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Trends in occupational segregation by race and ethnicity in the USA: evidence from detailed data

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  • Herve Queneau
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    Abstract

    This article analyses trends in occupational segregation by race and ethnicity in the USA over the period 1983 to 2002. During this period, racial segregation markedly declined, while there was a fairly sizable increase in ethnic segregation. Almost all the changes in racial and ethnic segregation were due to the racial or ethnic composition effect. This finding is important since the composition effect truly measures the change in racial or ethnic segregation by eliminating the effect of changes in the size of occupations. During the period 1983-2002, the service, managerial, sales, operators and professional specialty occupations contributed the most to the decline in segregation between Blacks and NonBlacks, while the service, production and farming occupations contributed the most to the increase in segregation between Hispanics and NonHispanics.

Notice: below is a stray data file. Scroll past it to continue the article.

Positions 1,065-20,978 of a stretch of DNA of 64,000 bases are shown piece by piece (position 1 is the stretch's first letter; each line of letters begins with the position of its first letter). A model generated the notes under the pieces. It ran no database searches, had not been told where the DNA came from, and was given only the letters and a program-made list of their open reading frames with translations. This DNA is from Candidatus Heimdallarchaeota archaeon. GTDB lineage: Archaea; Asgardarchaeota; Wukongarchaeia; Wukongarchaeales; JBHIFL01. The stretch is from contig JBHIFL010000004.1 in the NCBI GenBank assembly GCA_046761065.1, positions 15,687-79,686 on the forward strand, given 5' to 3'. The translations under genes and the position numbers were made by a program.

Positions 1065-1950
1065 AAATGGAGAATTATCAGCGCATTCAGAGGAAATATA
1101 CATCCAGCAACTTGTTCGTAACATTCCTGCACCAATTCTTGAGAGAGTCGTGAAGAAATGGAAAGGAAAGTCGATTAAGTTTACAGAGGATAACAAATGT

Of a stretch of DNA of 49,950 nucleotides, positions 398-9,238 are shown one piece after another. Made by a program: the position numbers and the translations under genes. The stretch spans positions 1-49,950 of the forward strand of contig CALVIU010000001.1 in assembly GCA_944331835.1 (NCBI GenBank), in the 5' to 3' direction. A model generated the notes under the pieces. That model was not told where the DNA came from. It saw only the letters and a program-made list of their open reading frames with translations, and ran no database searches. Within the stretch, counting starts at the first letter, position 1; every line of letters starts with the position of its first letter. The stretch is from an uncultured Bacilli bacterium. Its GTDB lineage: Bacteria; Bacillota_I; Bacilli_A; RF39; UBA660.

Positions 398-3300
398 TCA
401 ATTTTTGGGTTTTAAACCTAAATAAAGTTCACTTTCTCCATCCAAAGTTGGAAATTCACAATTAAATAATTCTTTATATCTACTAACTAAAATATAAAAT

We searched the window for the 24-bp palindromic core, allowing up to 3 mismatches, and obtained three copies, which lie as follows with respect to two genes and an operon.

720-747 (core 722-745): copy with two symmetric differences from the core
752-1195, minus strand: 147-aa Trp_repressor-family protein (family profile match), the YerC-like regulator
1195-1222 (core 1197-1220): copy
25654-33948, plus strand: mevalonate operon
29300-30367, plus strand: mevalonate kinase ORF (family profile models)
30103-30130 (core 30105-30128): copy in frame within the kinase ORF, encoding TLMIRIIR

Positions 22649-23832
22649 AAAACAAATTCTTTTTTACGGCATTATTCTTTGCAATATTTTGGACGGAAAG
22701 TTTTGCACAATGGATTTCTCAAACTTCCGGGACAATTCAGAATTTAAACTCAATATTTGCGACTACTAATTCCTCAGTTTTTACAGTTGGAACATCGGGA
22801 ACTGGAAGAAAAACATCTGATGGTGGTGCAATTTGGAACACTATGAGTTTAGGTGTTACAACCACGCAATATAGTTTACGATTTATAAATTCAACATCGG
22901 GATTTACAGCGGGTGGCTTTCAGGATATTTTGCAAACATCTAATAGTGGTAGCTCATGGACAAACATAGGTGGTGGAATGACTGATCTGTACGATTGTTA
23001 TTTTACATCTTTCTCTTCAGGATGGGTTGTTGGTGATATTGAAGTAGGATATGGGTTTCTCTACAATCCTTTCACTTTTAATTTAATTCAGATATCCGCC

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    Bibliographic Info

    Article provided by Taylor & Francis Journals in its journal Applied Economics Letters.

    Volume (Year): 16 (2009)
    Issue (Month): 13 ()
    Pages: 1347-1350

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    Handle: RePEc:taf:apeclt:v:16:y:2009:i:13:p:1347-1350

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    Cited by:
    1. Olga Alonso-Villar & Coral Río, 2013. "Occupational segregation in a country of recent mass immigration: evidence from Spain," The Annals of Regional Science, Springer, vol. 50(1), pages 109-134, February.
    2. Filipski, Mateusz & Edward Taylor, J. & Msangi, Siwa, 2011. "Effects of Free Trade on Women and Immigrants: CAFTA and the Rural Dominican Republic," World Development, Elsevier, vol. 39(10), pages 1862-1877.
    3. Olga Alonso-Villar & Coral del Rio, 2013. "The occupational segregation of Black women in the United States: A look at its evolution from 1940 to 2010," Working Papers 304, ECINEQ, Society for the Study of Economic Inequality.
    4. Coral del Rio & Olga Alonso-Villar, 2014. "The Evolution of Occupational Segregation in the U.S., 1940-2010: The Gains and Losses of Gender-Race/Ethnicity Groups," Working Papers 323, ECINEQ, Society for the Study of Economic Inequality.
    5. Carlos Gradín, 2013. "Conditional occupational segregation of minorities in the US," Journal of Economic Inequality, Springer, vol. 11(4), pages 473-493, December.

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